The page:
Alarm Management Documents

Documents – Alarm Management
The following documents are available for download. Please use this form to select with documents you would like to download.

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Alarms Graphic Projects
Human Factors in Alarm Management
Lessons learned from a disaster paper
Growing Old Together
Organizational Accidents and Abnormal Situations Management
Rescue Your Plant from Alarm Overload

Once you select the papers you’d like to review they will be emailed to you very shortly.

* Alarms Graphic Projects
A longer and more detailed version of the Alarm Overload paper – written by Ian Nimmo.  Paper discussing the benefits of Alarm Management and Graphics Projects i.e., focusing on life-cycle characteristics and transitioning to maintaining good alarm management practices, and best practices design methodology on how to approach graphics development.

* Human Factors in Alarm Management
Written by Ian Nimmo, published in CEP magazine – November 2002.  Article discusses implementing procedures to consider human factors, not simply human error, in control room architecture and reducing the chance of incidents in plants.)

* Lessons learned from a disaster paper
Written by Ian Nimmo and John Moscatelli.  Paper reflects on how learning from past experience has helped improve alarm managment systems.

* Growing Old Together
Written by Ian Nimmo, published in Hydrocarbon Engineering – January 2005. Article discusses refurbishment projects and best methodologies and standards for making the changes such as Study of Management Systems, i.e., people and performance systems; Ergonomic Design of Operating desks or Consoles; Human Computer Interface, Alarm Management, and Design of Control Rooms.

* Organizational Accidents and Abnormal Situation Management

* Rescue Your Plant from Alarm Overload
An article published in Chemical Processing by Ian Nimmo, January 2005.  Discusses why most Distributed Control Systems (DCS) have more standing alarms than necessary, and how to resolve this problem. Find out how to rescue your plant from alarm overload utilizing guidelines on personnel responsibility and benchmarking system performance.

© 2013 User Centered Design Services


UCDS has in-depth experience in designing control rooms and modifying existing field shelters. Our process is compliant with the ISO 11064 Ergonomic Design Standard for Control Buildings. We interview management, supervision and a significant group of the operators to understand functional requirements, what works well in the existing environment, and identification and correction of problems with the existing design. To learn more Click Here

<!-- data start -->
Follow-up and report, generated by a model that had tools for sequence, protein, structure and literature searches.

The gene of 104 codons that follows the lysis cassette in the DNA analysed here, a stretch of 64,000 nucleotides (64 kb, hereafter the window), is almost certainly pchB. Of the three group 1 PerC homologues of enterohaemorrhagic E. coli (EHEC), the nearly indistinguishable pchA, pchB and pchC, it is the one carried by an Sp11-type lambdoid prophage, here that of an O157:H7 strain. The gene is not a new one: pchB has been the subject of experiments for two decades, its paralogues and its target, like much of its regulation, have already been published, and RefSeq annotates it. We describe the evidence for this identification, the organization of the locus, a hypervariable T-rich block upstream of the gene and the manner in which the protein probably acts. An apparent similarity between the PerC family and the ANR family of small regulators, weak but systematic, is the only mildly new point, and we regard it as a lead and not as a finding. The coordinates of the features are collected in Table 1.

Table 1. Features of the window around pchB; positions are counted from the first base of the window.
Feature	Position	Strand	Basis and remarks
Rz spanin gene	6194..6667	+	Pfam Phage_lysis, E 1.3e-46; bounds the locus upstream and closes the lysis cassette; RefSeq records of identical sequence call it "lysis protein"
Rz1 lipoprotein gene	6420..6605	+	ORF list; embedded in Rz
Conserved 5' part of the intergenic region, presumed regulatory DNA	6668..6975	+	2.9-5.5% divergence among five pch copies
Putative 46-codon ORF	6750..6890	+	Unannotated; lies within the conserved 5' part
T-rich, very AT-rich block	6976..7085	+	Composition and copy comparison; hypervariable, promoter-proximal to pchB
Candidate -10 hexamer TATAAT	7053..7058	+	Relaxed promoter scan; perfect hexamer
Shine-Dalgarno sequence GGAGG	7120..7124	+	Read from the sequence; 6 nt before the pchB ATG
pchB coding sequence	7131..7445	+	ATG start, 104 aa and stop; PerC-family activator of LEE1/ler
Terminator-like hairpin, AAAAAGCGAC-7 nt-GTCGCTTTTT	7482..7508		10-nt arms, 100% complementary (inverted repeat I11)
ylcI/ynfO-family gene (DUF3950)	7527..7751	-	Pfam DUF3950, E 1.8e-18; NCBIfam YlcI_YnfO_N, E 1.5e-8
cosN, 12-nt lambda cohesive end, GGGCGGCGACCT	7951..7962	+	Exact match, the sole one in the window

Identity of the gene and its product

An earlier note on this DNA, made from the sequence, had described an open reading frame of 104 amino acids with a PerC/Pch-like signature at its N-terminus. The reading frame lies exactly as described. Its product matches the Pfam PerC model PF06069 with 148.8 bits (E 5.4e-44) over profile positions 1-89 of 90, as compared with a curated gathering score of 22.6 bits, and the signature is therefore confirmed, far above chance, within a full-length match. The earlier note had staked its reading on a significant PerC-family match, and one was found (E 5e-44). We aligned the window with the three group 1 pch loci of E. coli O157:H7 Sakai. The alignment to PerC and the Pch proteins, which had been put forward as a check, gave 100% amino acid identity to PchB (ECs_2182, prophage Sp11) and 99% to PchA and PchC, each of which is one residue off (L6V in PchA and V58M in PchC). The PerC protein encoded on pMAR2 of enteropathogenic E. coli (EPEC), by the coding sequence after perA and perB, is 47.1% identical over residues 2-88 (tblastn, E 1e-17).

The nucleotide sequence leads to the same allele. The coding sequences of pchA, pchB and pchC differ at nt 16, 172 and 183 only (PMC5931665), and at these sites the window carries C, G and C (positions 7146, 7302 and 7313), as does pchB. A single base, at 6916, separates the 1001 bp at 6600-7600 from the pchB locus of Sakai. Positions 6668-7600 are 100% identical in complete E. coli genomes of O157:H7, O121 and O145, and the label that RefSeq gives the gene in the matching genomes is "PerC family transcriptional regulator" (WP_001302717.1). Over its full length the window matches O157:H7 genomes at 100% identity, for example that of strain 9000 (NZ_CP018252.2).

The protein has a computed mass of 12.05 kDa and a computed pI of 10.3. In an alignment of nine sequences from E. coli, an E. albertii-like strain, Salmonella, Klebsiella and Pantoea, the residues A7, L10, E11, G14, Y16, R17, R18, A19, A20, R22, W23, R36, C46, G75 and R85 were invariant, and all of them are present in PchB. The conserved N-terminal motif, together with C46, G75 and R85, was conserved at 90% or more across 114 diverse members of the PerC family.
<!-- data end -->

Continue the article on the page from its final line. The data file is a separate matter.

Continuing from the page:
Situation Awareness

Abnormal situations encompass a range of events outside the “normal” plant operating modes, e.g. trips, fires, explosions, toxic releases or just not reaching planned targets. In the past incidents such as Piper Alpha, Milford Haven, Flixborough, Texas City and the 2003 northeast electrical blackout have all been attributed, at least in part, to a fundamental lack of good situational awareness. Early work of the Abnormal Situation Management Consortium® included a survey of the US petrochemical industry. Based on their research the consortium estimates industry losses of around $20 billion per year from abnormal situations, approximately equal to the total annual profits of that industry. Furthermore these studies indicate that companies achieving Best Practices in operations can improve productivity by 5-12%. To learn more Click Here


Fatigue Alertness Management

We have many customers looking to enhance their shift handover procedures and follow some of the Recommended Practices identified in the API documents; others are focusing attention on fatigue and fatigue countermeasures. We have great solutions for both these topics. For more details please contact Steve Maddox. To learn more Click Here



User Centered Design Services promotes Behavior – Based Safety which is a process that helps employees identify and choose safe behavior over an unsafe one. Safety in the workplace is a combination of three measurable components – the person their environment, and their behavior. To learn more Click Here

About the Control Room Operator Performance Group

The purpose of this group is to share ideas and solutions that contribute to improving the performance of the control room operator. Abnormal situations can be managed safely and effectively if we provide our operators with the right training, workload, environment, and interfaces.